Daily Archives: July 7, 2008

Pakistan’s Ruling Coalition must not Splinter

Raza Rumi
(An op-ed piece that was published in the NEWS, Pakistan)

On these erudite pages, and elsewhere, there has been much ado about the fact that now the ruling coalition should split in response to the great betrayals perpetrated by Asif Ali Zardari. In classic machismo laden bravado, the honorific narratives have been urging Nawaz Sharif and his party to take the bold step and stick to their “principled” stand. What is interesting about these exhortations is the brazen rendering of political discourse in black or white terms.

Many a former ambassador, the recent cohort to jump into the fray of political activism, has found a great post-retirement vocation. Once the plush tenures are over and all that could be extracted from the holy state cow, now is the time to speak the truth and condemn military dictatorships. Convenient and most opportune! This low-risk strategy is paying its dividends: a great whitewashing of all that they were a party to, and all that they let happen in front of their red-taped offices. The ex-servicemen whose record is even more dismal are even more vociferous in their advocacy for a democratic Pakistan.

Therefore, the confused citizens with a shred of historical sense are simply bewildered. Gen Chishti, the key player in toppling Zulfikar Ali Bhutto’s government and unleashing of eleven years of mediaeval darkness, talking about resistance to army rule. Surely, the realisation took three decades of lasting damages and fissures within the body politic. Another retired Army chief, Gen Beg, is also at the forefront. His vitriole cannot hide the years when he actively sabotaged the democratic process, admitted before the Supreme Court that he had “advised” a bench not to restore Junejo’s government; and disbursed astronomical sums of money to undermine civilian government raised through another shady character heading a dubious financial institution. Continue reading

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Filed under Democracy, Pakistan, Politics

Mirza Yagana Changezi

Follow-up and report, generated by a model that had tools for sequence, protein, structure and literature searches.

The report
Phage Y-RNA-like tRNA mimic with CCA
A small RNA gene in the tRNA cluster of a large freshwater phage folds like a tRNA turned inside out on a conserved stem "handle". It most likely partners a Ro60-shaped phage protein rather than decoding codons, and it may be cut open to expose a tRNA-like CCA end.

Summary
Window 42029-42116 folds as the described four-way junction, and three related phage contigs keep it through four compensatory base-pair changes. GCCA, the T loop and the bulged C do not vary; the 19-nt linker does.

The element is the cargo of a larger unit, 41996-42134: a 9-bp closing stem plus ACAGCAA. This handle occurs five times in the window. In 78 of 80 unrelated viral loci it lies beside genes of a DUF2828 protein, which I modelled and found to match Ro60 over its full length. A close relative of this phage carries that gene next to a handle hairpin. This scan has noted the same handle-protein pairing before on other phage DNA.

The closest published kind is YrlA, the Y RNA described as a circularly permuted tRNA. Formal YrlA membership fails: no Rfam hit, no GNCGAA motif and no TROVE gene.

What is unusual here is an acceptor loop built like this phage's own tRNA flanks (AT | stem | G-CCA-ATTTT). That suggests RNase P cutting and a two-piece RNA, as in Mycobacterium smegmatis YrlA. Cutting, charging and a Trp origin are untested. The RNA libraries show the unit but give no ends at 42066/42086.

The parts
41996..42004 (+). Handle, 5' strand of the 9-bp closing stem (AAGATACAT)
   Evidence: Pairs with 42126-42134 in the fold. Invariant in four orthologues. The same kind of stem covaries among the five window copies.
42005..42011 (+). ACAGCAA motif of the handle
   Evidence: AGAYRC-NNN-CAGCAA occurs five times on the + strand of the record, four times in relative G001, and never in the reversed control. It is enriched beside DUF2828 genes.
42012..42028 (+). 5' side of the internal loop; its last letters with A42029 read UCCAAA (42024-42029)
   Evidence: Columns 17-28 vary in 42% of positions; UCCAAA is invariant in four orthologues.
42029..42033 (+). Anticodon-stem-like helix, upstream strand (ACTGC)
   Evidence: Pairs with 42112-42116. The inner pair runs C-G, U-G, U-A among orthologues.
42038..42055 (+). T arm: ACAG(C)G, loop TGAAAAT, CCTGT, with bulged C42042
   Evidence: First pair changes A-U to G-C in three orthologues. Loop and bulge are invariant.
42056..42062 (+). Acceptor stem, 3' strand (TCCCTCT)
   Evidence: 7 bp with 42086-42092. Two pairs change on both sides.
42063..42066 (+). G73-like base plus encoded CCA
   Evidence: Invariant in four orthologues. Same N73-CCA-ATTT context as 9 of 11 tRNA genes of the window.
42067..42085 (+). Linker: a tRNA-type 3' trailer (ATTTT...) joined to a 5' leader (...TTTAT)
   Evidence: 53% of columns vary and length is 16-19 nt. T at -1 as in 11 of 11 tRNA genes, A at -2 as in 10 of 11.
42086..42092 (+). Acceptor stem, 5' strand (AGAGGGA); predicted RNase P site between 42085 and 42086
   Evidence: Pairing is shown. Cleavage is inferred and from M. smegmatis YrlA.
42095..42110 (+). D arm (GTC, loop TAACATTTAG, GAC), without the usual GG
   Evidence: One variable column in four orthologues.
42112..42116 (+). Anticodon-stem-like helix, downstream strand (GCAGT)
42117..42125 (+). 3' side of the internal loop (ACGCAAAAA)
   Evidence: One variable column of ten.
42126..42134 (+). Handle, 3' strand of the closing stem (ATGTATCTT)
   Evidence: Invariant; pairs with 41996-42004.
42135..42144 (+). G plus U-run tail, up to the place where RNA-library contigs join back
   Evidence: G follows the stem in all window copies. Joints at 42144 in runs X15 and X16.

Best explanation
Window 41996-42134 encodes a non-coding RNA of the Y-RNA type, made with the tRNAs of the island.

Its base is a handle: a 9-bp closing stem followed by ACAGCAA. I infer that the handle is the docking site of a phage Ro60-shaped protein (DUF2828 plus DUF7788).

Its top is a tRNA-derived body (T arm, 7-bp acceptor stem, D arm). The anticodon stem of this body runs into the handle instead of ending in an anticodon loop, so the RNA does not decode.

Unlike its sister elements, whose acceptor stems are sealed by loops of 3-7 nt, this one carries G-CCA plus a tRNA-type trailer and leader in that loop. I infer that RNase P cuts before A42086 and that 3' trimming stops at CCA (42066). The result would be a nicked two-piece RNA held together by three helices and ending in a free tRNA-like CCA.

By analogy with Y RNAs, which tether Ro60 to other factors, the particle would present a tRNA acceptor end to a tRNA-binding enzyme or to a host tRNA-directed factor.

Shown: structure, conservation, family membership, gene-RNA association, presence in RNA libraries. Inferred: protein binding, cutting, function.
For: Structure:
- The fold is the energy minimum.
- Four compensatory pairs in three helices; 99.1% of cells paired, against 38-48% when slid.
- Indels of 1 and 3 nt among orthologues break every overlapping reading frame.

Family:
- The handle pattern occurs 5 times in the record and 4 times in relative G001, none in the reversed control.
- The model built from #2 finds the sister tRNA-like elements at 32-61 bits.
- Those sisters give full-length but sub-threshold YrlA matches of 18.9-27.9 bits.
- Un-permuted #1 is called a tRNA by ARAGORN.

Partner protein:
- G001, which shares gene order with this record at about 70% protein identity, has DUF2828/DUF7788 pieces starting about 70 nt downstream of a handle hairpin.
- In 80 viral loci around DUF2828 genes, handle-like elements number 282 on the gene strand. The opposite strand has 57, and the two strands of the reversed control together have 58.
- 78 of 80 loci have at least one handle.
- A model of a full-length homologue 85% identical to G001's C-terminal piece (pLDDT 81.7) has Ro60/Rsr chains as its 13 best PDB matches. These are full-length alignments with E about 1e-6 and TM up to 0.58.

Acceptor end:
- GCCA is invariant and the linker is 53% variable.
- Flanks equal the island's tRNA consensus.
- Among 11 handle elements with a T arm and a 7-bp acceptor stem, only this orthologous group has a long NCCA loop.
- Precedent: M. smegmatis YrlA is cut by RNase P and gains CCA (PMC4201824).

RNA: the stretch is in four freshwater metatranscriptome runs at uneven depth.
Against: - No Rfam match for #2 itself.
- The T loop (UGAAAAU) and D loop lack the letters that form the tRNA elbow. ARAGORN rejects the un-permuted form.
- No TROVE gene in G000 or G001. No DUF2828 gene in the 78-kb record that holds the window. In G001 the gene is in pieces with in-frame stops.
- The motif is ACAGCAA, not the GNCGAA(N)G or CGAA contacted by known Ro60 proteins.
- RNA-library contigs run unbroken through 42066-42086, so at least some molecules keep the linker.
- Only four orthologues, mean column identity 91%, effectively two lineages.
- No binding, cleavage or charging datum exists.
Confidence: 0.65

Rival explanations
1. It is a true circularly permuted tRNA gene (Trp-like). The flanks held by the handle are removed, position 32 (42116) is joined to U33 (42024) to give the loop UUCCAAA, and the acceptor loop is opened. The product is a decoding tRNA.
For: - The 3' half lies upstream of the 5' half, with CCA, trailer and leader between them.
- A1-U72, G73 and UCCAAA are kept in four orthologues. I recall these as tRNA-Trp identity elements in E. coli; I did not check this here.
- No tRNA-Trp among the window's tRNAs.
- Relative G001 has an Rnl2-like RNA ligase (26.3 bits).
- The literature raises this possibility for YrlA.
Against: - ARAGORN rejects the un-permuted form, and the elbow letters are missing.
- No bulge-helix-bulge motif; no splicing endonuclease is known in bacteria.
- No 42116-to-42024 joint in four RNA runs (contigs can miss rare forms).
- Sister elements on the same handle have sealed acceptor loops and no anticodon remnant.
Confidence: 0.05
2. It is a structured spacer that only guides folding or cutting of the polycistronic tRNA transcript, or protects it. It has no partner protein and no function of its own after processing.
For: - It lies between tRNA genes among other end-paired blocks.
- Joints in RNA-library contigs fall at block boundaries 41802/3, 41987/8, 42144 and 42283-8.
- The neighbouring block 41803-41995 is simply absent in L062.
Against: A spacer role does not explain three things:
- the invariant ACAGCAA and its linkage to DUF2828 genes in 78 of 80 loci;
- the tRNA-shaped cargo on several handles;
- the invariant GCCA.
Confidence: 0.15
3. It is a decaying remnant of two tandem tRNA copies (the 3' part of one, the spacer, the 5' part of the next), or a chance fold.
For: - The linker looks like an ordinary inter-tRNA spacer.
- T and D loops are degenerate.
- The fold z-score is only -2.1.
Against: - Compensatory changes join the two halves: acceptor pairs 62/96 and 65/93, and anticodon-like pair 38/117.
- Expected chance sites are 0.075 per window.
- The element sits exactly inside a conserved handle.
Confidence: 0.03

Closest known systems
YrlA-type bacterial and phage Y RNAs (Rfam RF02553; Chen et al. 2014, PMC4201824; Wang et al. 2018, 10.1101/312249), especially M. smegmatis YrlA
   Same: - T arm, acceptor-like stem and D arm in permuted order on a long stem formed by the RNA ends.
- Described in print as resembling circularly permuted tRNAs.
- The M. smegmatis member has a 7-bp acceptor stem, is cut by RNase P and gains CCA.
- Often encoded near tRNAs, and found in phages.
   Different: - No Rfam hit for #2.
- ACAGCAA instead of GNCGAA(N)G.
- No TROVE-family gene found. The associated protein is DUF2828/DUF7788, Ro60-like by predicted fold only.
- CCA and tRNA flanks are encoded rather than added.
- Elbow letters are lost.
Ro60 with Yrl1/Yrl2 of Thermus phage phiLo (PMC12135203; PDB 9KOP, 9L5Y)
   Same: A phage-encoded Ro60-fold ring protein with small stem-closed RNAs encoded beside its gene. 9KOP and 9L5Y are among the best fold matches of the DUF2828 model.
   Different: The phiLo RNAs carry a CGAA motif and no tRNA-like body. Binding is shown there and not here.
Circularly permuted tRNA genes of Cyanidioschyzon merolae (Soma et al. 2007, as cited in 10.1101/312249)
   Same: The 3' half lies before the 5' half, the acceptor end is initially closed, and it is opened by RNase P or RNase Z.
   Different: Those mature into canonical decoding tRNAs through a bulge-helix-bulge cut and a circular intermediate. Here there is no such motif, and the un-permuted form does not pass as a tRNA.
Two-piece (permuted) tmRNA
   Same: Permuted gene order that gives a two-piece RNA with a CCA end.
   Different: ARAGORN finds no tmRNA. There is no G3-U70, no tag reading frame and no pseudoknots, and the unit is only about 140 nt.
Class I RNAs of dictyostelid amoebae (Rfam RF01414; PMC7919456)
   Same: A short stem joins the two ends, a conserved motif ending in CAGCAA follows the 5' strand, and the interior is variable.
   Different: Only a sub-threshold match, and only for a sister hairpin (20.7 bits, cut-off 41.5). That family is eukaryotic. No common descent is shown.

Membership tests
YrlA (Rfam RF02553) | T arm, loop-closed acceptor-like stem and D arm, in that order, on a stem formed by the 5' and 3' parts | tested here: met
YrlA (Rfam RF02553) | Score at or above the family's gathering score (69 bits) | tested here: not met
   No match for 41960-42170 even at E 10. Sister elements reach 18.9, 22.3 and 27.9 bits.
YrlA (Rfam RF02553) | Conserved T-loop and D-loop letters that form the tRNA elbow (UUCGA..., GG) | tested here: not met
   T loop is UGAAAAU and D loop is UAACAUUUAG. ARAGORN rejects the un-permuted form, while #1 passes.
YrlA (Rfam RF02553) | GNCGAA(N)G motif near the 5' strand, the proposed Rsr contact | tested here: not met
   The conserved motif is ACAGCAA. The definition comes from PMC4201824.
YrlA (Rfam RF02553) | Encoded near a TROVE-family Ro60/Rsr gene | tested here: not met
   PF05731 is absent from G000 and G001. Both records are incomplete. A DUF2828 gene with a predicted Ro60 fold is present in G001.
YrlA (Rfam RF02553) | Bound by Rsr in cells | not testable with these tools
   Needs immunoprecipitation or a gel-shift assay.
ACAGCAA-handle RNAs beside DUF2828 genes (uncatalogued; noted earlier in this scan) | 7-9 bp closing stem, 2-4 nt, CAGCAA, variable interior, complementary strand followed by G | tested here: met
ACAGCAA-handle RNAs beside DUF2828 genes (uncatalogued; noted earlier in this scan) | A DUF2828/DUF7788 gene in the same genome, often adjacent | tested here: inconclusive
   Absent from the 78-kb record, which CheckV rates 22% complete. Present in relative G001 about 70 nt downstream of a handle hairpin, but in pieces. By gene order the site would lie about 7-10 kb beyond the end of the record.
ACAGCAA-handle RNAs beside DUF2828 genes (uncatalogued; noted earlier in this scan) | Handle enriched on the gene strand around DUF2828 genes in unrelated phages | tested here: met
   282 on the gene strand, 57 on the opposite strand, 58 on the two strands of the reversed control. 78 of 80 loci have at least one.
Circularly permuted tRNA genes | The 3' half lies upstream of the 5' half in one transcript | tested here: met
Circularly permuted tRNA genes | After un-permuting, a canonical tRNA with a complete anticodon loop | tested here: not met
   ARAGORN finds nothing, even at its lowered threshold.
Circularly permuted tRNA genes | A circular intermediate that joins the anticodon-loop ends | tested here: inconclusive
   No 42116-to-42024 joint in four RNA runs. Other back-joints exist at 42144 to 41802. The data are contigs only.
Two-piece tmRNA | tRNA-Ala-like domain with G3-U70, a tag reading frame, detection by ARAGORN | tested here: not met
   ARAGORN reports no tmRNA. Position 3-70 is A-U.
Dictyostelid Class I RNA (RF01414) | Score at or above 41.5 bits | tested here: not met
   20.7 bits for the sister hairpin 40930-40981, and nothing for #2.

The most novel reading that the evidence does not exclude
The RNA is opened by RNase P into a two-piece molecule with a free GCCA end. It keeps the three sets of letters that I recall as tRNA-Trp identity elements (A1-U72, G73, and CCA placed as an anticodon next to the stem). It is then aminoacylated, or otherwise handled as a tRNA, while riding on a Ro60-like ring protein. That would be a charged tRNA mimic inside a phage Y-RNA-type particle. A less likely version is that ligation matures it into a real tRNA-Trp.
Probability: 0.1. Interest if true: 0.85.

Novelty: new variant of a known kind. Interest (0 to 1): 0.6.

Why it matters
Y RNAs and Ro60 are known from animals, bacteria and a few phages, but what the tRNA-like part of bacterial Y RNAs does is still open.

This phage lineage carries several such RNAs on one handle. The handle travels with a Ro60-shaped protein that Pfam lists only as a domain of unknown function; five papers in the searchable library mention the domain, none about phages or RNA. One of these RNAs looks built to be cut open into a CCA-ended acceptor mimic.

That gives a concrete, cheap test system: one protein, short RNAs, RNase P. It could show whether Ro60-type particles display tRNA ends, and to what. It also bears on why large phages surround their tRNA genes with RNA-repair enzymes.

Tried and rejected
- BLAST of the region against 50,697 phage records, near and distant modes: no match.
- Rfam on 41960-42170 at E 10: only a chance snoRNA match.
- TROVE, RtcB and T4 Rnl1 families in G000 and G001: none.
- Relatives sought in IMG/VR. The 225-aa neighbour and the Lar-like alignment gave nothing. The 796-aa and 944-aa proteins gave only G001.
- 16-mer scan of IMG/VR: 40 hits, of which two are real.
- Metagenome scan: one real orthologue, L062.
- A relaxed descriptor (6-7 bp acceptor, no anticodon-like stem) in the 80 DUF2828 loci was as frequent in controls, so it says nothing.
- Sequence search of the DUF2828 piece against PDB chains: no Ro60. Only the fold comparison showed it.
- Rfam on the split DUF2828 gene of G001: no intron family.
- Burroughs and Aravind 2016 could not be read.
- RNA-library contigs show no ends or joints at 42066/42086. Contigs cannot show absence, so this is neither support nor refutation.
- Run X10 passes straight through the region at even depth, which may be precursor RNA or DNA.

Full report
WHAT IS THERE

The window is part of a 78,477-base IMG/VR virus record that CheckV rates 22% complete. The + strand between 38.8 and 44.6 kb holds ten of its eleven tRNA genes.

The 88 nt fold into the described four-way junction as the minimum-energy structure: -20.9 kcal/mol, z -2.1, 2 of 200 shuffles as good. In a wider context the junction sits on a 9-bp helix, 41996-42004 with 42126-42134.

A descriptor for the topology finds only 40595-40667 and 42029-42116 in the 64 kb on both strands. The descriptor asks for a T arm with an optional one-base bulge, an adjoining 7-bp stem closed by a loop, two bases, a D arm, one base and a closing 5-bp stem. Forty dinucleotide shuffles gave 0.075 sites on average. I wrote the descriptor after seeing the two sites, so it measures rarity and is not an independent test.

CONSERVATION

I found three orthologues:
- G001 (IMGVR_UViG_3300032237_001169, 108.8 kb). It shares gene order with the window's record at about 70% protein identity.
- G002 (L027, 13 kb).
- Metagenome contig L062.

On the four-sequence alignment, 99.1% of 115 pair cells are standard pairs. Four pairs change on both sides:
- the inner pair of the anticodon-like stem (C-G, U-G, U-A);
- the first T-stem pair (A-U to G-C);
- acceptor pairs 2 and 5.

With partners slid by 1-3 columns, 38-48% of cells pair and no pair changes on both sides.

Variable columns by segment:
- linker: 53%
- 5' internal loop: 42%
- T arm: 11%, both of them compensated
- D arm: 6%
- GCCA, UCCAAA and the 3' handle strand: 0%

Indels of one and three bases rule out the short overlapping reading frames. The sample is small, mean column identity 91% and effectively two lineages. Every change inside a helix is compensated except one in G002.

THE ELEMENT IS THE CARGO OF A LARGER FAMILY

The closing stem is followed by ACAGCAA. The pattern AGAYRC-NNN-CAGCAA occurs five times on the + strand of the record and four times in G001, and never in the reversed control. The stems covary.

Of God and Ghalib

Restraint was what Mirza Yaas Yagana Changezi knew little of all his life. Only towards the end, he realised that the price he paid was rather very high

By Dr Afzal Mirza

That Mirza Yaas Yagana Changezi was an able poet whose talent was mostly wasted on aimless pursuits does not need an overemphasis to drive it home. Writing about Yagana in his Takhleeqi Adab, critic and poet Mushfiq Khawaja said: “Undoubtedly Mirza Yagana is one of the important poets of this century. But due to his literary and non-literary polemics his poetic importance has been generally ignored. What to talk of a detailed critique of his poetry, even short critical pieces have not been written about him”.

Another well known critic Professor Mumtaz Hussain had this to say: “Yagana Changezi was without a sword but he would use the point of his pen as a sword.” According to Mumtaz Yagana had the habit of stinging his friends and foes alike as a “fly sitting on the back of a horse would”.

Dr Abul Lais Siddiqui who was at one time head of the Urdu department of Karachi University said about Yagana: “The personality and poetry of Mirza Yaas are contradictory. On one hand there is a new melody, emotion, strength and energy in his poetry and on the other his ego-centricity and self-indulgence that cross all the limits of poetic standards have tremendously damaged both his poetry and personality. That is the reason that his poetry has been marred by his reputation as a Ghalib basher.” Continue reading


Filed under Literature, poetry, Urdu